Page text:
Mobile email opens have increased more than 180% in the past 3 years and with more than half of all emails opened on a mobile device, it is clear that email serves as a great communication channel for both brands and consumers. These interactions will become even more personal and relevant as Apple is about to ship the Apple Watch. This will certainly be a catalyst for inspiring brands to adjust their thinking when it comes to delivering digital communications to their customers.
One of the key goals of the Apple Watch is to deliver communication convenience for the consumer. Even though we’ve seen the delivery of innovative touch watches as far back as 2004 with the Microsoft SPOT watch by Tissot, it is near certain that the Apple Watch will reach the wrists of consumers anxious to give any new Apple device a shot as well as those looking to embrace this new communication convenience. The range of initial adoption by consumers is estimated to be between 8 million to 41 million according to market analysts. That is a huge swing but no matter the adoption, early adopters will be expecting their first communications on their wrist once it is activated.
The Apple Watch presents a unique opportunity for brands as consumers anticipate their first interactions with this wearable. This is the time brands need to anticipate that interaction and deliver a terrific experience. The guidance from Apple on the experience of the watch is to not surface lots of textual info but more color, graphics and animation. Depending on the interaction for example an email, a glance or a notification marketers need to think about the experience being delivered:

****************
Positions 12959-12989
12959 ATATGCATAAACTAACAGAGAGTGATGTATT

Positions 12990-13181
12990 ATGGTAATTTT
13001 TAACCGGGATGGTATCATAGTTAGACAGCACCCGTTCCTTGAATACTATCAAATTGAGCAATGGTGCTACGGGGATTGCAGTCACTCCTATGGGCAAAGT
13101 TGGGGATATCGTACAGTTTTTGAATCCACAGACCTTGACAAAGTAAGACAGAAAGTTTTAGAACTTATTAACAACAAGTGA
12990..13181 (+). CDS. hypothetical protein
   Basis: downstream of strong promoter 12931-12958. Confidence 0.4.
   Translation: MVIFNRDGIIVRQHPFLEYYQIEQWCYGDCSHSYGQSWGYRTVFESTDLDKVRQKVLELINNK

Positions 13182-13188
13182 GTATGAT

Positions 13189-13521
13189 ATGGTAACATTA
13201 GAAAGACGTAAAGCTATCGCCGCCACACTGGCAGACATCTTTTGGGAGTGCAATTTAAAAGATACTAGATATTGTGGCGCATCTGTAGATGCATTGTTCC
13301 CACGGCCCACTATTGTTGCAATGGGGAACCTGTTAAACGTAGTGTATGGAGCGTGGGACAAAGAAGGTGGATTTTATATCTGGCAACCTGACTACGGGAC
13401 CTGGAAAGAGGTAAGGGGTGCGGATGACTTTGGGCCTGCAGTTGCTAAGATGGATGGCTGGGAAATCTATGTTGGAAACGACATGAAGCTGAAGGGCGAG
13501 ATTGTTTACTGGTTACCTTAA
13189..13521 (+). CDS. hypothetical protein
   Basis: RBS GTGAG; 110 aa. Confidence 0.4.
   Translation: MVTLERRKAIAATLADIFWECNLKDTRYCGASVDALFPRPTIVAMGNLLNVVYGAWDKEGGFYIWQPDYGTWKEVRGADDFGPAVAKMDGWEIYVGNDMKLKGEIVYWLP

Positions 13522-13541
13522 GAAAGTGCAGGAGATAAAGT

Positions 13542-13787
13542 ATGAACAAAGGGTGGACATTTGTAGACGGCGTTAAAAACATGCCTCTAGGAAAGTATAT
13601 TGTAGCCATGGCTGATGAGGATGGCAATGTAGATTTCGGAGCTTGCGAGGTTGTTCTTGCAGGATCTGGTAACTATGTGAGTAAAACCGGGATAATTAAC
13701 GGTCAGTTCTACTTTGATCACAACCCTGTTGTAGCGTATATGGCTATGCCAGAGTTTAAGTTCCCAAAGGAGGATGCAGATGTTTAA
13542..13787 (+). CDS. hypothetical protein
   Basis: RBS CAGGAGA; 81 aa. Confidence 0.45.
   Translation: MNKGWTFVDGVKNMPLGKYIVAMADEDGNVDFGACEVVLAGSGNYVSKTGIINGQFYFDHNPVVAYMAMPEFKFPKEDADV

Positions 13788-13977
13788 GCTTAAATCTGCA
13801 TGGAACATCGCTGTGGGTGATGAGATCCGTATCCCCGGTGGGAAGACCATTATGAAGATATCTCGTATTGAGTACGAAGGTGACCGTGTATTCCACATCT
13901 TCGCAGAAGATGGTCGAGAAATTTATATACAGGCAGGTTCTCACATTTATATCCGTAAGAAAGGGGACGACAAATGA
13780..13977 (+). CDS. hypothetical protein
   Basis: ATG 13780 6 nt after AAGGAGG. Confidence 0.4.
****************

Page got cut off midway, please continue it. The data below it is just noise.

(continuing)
The glance is intended to quickly provide relevant information and cannot be interacted with. An example might be an app that conveys quick information like flight delay or new sale or shipping update.
When it comes to notifications, one has several options for displaying a richer amount of information for the user including both short-look and long-look interfaces. Key differences between the two include a non-scrolling screen for short-look and a scrolling screen for long-look. This gives brands plenty of options for displaying richer amounts of information to the consumer.
When it comes to reading emails, the emphasis is on reading and not writing. Because users are unable to browse the web on the Apple Watch, marketers will have to devise an email strategy with that in mind. For example, links in emails won’t bring up a browser page for the user. Marketers can provide a relevant experience for the consumer by using a combination of email tuned for the Apple Watch and creative notifications. One will have to get creative to clearly communicate value to the user. For example, a consumer might be able to use Siri to reply to an email or to request information from your Apple Watch apps.
With the coming of the Apple Watch, it is strongly recommended that digital marketers think through their strategies on how to best take advantage of its capabilities. Those that jump ahead and develop a relevant and rewarding solution for their consumers will end up winning. We already see that happening as you read this post. So the time is now.